— The Kalevala (complete) • John Martin Crawford, trans.

... direct its exercise. He has fancy, and he frequently stutters into imagination; but the imp that controls his heart corrupts his taste and taints his sense of beauty, and the result is that he has a malicious satisfaction in deliberately choosing words whose uncouthness finds no extenuation in their expressiveness, and in forging elaborate metaphors which disgust rather than delight. His description of a storm at sea is among the least unfavorable specimens of this perversion of ...
— The Atlantic Monthly, Volume 20, No. 122, December, 1867 • Various

... inadequate, or ill-composed, now that the paintings are advanced. I cannot tell myself often enough that it means an immense deal of labour to bring a work to the highest pitch of impressiveness of which it is capable. The oftener I revise it, the more it will gain in expressiveness.... Though the touch disappear, though the fire of execution be no longer the chief merit of the painting, there is no doubt about this; and again how often does it happen that after this intense labour, which has turned one's thought back on itself in every direction, the hand obeys ...
— The Mind of the Artist - Thoughts and Sayings of Painters and Sculptors on Their Art • Various

... there were, in August last, thirty gentlemen resident who were in some way brought thither by the traffic in herring—among the number a young Russian, who, with his wife, sat at a little table apart, and kept jabbering their language with glib expressiveness. His name was Walk-off, and his object was the annexation of fish for Muscovite consumption. He had a flabby face and long, dark hair, which he publicly combed. She was small and pretty—doll-like, indeed—with jewels in her ears, which glittered and flashed in the gas-light. ...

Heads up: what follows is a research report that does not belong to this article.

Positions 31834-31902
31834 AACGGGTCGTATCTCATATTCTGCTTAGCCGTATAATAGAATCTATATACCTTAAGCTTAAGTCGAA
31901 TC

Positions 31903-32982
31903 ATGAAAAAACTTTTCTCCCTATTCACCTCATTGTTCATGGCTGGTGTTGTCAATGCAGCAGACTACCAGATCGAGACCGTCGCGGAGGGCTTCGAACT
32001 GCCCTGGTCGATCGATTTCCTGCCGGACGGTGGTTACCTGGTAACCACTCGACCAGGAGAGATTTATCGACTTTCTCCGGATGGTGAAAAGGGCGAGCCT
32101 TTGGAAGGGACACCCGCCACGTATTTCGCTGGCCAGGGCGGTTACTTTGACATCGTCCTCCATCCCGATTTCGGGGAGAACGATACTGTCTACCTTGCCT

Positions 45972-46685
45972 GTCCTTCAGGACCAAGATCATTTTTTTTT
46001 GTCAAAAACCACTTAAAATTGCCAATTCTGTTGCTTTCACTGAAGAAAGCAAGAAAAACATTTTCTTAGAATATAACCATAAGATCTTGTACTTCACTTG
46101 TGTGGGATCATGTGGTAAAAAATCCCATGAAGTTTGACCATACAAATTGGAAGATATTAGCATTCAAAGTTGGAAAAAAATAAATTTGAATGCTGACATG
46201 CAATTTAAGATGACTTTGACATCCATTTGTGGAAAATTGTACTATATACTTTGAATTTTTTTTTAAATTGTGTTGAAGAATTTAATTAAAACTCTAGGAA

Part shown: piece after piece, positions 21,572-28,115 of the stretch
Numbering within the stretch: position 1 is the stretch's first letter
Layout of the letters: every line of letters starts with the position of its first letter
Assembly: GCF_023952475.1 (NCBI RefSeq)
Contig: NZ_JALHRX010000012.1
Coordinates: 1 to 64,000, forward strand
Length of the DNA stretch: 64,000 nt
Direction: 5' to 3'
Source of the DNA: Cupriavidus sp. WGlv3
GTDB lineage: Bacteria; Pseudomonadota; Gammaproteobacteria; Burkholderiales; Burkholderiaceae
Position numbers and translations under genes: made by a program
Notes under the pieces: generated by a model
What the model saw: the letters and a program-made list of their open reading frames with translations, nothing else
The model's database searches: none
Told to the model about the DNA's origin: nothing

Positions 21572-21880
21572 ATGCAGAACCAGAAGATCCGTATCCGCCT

— Literary Tours in The Highlands and Islands of Scotland • Daniel Turner Holmes

... his brilliant smile, an oriental expressiveness of the dark eyes beneath their drooping lids, hinted a Semitic strain; but it was otherwise not marked in his appearance, which was free from vulgarity, whilst essentially that of a successful man ...
— Dope • Sax Rohmer

... Aristotle; and Duccio and Cimabue and Giotto must go the same way as soon as St. Francis of Assisi or Luther or Calvin puts into words what they meant. It is its own success that is fatal to Art; for just in proportion as the expressiveness it insists upon is shown to be pervading, universal, and not the property of this or that shape, the particular manifestation is degraded. Color and form are due to partial opacity; the light must penetrate to a ...
— The Atlantic Monthly, Volume 13, No. 77, March, 1864 • Various

... two such causes, impressed his imagination with such a stamp, and spirit of passion, he ever obeyed the impulse by a kind of natural dependency, and relaxed, or braced successively into all that fine expressiveness with which he painted what he spoke, ...
— The Lives of the Poets of Great Britain and Ireland (1753) - Vol. IV • Theophilus Cibber



Words linked to "Expressiveness" :   expressive, quality